In contrast, the network analysis approach has the advantage of removing some of the challenges of administering national surveys. Most national bicycling surveys, including PeopleForBikes’ Community Survey, do not survey a representative sample of the country’s population. People who respond to bicycling surveys tend to be people who already bike for fun or transportation and are people who have time to fill out the survey. If the average person in a given city does not bike, the survey may not represent their perspective on road safety very well.

Conducting surveys that accurately represent a country’s population in terms of demographics like age, income, and race is complicated and expensive, which is why most survey-based, national city ratings programs do not adjust survey results for potential bias based on who is responding. Instead, experienced organizations like ADFC generate survey responses using a mix of organic and online strategies and tap into their deep relationships with local advocacy groups and government agencies. Surveys from ADFC andCykelfrämjandet are even sponsored by their federal governments.

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"Whether people agree or disagree with a city’s rank, the ranking generates conversation and healthy competition, leading people to think critically about how their city can improve."

Given the challenges of fielding a national survey and producing network analysis results simultaneously, starting in June 2023, PeopleForBikes will remove the Community Survey from our City Ratings scores, focusing solely on results from the Bicycle Network Analysis. As our database of cities has grown, the proportion of cities with completed survey responses has dropped and the demand for high-quality bike infrastructure data has increased. The U.S. lacks a national database of bike infrastructure and has no standard way for cities to classify bike infrastructure in their data. The Bicycle Network Analysis helps fill these gaps. To further strengthen the Bicycle Network Analysis as a resource to measure progress towards building better bike networks, future City Ratings will focus on the network analysis method alone.

Regardless of the method applied, Velo-City conference session participants agreed on a few main tenets of using a national city ratings program to advance bicycling:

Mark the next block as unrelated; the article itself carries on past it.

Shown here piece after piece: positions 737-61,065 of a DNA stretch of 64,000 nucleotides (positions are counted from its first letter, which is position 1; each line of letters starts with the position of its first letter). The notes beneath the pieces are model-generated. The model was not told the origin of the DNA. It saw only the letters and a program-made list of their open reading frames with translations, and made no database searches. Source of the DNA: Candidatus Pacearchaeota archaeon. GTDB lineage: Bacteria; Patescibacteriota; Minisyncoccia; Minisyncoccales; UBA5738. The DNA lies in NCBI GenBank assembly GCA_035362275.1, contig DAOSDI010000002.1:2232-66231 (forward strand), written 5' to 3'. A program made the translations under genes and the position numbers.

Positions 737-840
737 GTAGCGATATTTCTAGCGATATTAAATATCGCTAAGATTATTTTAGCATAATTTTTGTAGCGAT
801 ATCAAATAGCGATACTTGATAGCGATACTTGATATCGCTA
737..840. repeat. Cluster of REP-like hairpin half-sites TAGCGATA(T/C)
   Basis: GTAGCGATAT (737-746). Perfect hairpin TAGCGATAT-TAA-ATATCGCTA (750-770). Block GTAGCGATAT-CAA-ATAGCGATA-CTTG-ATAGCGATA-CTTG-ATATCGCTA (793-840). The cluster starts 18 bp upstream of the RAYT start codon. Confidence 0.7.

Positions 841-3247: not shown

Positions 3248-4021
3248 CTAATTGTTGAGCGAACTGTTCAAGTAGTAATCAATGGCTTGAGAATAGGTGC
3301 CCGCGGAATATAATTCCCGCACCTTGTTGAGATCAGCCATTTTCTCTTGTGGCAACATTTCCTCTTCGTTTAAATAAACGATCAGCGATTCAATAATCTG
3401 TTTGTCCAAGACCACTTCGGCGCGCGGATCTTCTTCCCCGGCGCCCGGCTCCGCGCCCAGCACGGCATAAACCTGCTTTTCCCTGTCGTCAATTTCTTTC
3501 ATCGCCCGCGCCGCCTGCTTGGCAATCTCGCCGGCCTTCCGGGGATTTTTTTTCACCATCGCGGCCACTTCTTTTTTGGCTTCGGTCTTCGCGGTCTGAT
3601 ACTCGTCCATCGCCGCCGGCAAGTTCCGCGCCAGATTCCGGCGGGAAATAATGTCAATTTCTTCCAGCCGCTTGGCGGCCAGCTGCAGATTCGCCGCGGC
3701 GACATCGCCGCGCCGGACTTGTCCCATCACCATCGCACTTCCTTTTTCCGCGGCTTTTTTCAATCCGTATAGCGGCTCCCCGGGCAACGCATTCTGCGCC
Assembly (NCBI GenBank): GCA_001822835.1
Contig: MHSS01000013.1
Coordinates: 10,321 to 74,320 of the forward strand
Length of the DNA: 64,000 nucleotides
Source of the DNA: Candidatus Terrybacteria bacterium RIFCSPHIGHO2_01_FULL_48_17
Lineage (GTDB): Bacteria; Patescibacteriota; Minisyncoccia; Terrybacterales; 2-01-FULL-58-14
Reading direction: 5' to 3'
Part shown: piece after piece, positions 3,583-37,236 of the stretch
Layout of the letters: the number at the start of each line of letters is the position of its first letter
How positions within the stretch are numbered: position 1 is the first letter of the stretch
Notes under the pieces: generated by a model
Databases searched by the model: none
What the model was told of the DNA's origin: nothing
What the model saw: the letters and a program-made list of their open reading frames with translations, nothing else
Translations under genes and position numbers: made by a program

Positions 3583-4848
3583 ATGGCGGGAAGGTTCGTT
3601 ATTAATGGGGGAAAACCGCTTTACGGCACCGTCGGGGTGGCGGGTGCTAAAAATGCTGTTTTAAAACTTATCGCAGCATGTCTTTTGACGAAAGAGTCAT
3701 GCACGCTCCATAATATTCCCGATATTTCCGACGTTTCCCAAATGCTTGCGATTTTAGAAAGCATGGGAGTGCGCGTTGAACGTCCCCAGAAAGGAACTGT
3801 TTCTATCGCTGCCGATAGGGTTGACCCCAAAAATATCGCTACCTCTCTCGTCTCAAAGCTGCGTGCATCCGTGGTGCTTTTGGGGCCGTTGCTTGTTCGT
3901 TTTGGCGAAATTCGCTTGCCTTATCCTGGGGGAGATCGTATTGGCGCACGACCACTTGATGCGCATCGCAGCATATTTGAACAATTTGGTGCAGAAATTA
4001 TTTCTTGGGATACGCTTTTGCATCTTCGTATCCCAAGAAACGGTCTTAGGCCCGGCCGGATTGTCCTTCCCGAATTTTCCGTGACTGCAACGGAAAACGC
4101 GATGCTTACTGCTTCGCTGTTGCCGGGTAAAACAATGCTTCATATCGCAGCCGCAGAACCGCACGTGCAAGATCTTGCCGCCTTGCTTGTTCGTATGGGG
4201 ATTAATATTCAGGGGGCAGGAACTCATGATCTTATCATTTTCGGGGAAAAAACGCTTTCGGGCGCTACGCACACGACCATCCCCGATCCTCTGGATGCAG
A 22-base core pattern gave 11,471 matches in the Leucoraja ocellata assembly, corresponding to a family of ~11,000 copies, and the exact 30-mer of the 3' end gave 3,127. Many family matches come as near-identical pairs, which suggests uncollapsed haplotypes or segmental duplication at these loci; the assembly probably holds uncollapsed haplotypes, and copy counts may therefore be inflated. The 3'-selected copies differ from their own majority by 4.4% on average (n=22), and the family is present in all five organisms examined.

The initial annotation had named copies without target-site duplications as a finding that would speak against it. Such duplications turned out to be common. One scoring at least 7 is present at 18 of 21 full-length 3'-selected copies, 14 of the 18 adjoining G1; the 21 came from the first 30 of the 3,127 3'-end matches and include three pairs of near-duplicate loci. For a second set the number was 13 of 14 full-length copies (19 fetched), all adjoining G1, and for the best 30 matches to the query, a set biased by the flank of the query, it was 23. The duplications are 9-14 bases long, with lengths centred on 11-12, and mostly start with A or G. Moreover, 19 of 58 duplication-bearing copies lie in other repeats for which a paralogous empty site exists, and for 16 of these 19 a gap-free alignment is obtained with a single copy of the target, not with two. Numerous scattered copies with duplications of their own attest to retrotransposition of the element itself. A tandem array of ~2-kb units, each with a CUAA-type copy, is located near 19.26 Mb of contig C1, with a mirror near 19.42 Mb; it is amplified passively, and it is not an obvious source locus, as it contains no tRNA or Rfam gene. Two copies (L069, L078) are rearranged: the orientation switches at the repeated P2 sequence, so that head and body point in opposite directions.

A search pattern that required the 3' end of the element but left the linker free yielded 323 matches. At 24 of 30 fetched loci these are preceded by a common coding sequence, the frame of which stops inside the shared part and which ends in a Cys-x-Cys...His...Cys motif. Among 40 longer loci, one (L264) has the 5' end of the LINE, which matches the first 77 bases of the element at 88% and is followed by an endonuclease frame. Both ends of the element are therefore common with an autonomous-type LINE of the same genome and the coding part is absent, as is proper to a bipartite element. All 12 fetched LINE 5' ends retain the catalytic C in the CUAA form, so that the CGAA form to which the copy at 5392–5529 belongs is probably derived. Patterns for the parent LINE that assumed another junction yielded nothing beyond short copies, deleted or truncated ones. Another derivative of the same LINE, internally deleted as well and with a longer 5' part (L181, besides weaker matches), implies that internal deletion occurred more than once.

• Measurement Brings Accountability. City ratings hold city leaders accountable for the outcomes of their investments in bicycling — or lack thereof.
  • Competition Generates Ambition. Whether people agree or disagree with a city’s rank, the ranking generates conversation and healthy competition, leading people to think critically about how their city can improve.
  • Storytelling Complements Data. The data is the substance of the ranking, but storytelling brings the data to life and helps people envision how they can support change in their city.

Unlike the other national ratings program, PeopleForBikes’ City Ratings rates cities outside of the U.S. The flexibility of the Bicycle Network Analysis and the underlying data from OpenStreetMap enables international comparisons, which helps illustrate how cities beyond U.S. borders are innovating to support bicycling. However, interpreting results for cities that are built differently from those in the U.S. can be challenging. In that regard, PeopleForBikes’ City Ratings program is akin to other international ratings systems that compare results between countries, such as the Copenhagenize Index.

Cities can and should use a variety of data sources to decide where and how to invest in bicycling. Much of that data will be information cities generate locally through studies and community input. A good city ratings program zooms out from that fine-grained level of detail to the national perspective, creating a formula that can be applied to any city within a country (or the world), all with the goal of accelerating collective progress toward building better cities for bikes.